India Working: Essays on Society and Economy

India Working: Essays on Society and Economy

India Working: Essays on Society and Economy

India Working: Essays on Society and Economy


Drawing on her knowledge of the country and on theoretical literature, Barbara Harris-White describes the Indian economy through its most important social structures of accumulation. The book explores a range of topics, including labor, class, the state, gender, religious plurality, caste and space. Harris-White's conclusion adeptly challenges the prevailing belief that liberalization releases the economy from political interference.


Nothing is ever produced without labour. in a capitalist economy labour is taken and turned into labour power; so the way this power is organised and disciplined shapes the accumulation process. in this chapter we will see how social and political institutions that discipline and regulate labour and labour power fuel accumulation and contain the conflicts generated by capitalist growth. Even trade unions play roles that facilitate backward forms of accumulation and the practices of 'flexible employment' which characterise advanced capitalism have long been established in India and are crucial to accumulation.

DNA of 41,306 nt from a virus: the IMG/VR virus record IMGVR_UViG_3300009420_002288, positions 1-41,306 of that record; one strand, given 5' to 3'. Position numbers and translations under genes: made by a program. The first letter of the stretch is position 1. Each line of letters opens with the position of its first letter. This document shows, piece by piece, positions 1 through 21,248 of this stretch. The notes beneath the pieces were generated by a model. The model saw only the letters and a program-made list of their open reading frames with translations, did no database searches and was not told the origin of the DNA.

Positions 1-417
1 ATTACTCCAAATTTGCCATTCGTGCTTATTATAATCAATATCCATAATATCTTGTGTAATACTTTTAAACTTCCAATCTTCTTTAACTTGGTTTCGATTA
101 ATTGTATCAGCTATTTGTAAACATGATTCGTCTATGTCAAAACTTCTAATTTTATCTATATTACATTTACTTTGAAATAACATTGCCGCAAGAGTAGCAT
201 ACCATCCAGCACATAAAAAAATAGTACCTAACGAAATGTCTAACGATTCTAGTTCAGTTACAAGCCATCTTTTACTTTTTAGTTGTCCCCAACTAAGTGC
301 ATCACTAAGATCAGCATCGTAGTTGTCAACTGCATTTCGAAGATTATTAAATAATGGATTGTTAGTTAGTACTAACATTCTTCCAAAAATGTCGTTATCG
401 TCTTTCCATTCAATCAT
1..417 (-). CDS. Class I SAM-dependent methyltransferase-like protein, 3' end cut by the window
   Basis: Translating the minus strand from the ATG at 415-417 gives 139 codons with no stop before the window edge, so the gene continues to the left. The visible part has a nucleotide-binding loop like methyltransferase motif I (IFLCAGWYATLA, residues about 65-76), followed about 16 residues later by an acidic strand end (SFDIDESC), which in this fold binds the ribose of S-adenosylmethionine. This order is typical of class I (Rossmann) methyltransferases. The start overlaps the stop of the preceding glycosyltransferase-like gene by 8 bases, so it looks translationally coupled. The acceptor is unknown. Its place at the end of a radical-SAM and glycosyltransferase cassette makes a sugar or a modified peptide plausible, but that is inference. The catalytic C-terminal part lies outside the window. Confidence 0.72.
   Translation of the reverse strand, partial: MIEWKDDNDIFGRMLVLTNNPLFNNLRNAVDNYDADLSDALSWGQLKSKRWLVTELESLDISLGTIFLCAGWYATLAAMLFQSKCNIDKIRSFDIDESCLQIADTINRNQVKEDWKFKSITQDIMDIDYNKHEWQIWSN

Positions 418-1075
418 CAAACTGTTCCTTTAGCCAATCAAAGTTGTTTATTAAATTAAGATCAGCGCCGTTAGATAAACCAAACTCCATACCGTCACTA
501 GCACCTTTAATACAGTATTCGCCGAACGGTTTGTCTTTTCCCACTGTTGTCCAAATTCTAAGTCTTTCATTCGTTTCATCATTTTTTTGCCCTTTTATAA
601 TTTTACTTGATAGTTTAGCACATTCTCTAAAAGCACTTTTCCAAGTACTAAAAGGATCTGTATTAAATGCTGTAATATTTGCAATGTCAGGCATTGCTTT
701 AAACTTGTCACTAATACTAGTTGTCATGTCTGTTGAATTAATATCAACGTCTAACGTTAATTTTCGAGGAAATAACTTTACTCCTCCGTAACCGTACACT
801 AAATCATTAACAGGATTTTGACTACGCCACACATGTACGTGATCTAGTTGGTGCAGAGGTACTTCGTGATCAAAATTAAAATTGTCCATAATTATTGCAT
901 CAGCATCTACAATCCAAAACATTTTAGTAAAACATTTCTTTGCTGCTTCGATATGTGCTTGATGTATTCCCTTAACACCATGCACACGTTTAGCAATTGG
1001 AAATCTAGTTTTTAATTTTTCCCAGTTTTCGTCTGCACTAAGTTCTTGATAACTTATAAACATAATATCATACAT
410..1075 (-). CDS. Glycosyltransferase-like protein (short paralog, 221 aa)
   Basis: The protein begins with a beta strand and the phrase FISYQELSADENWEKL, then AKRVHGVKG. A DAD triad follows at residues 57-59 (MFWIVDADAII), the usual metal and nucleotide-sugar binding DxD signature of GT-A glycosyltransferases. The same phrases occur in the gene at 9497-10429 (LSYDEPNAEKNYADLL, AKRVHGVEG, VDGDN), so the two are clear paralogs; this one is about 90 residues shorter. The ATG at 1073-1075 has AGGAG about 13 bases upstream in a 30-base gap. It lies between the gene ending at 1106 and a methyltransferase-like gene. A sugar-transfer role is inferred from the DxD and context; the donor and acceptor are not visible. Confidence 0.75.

India's economy is about the size of Belgium's, but for every Belgian there are a hundred Indians competing for livelihoods. Out of the country's huge labour force of over 390 million, only 7 per cent are in the organised sector (that is, are workers on regular wages or salaries) in registered firms and with access to the State's social security system and its framework of labour law. Even the term 'organised' is seriously misleading because only about half of that 7 per cent are unionised, and we will see later that in India unions are deliberately disorganised. the rest–variously estimated at between 83 and 93 per cent of the workforce labours in the 'unorganised' or 'informal' economy. in fact, India's economy is 'unorganised'. All this 'unorganised' labour is unprotected by the regulatory regime of the State because what little exists is not enforced. It is thereby deprived of rights at work. 'Unorganised' firms are supposed to be small. in fact, they may have substantial workforces, occasionally numbering hundreds, but where workers are put deliberately on casual contracts. There is no neat boundary between organised and unorganised labour. Some sectors, notably mining and dock labour,

Albeda and Tilly 1994; Kotz 1994.

Bhowmik 1998.

Eighty-three per cent is the ncaer estimate, Sinha et al. 1999. Ninety-three per cent is
the residual from organised-sector statistics. Most of the agricultural sector is included,
even though land is registered, because of the small and fluctuating size of labour forces
on the vast bulk of individual holdings.

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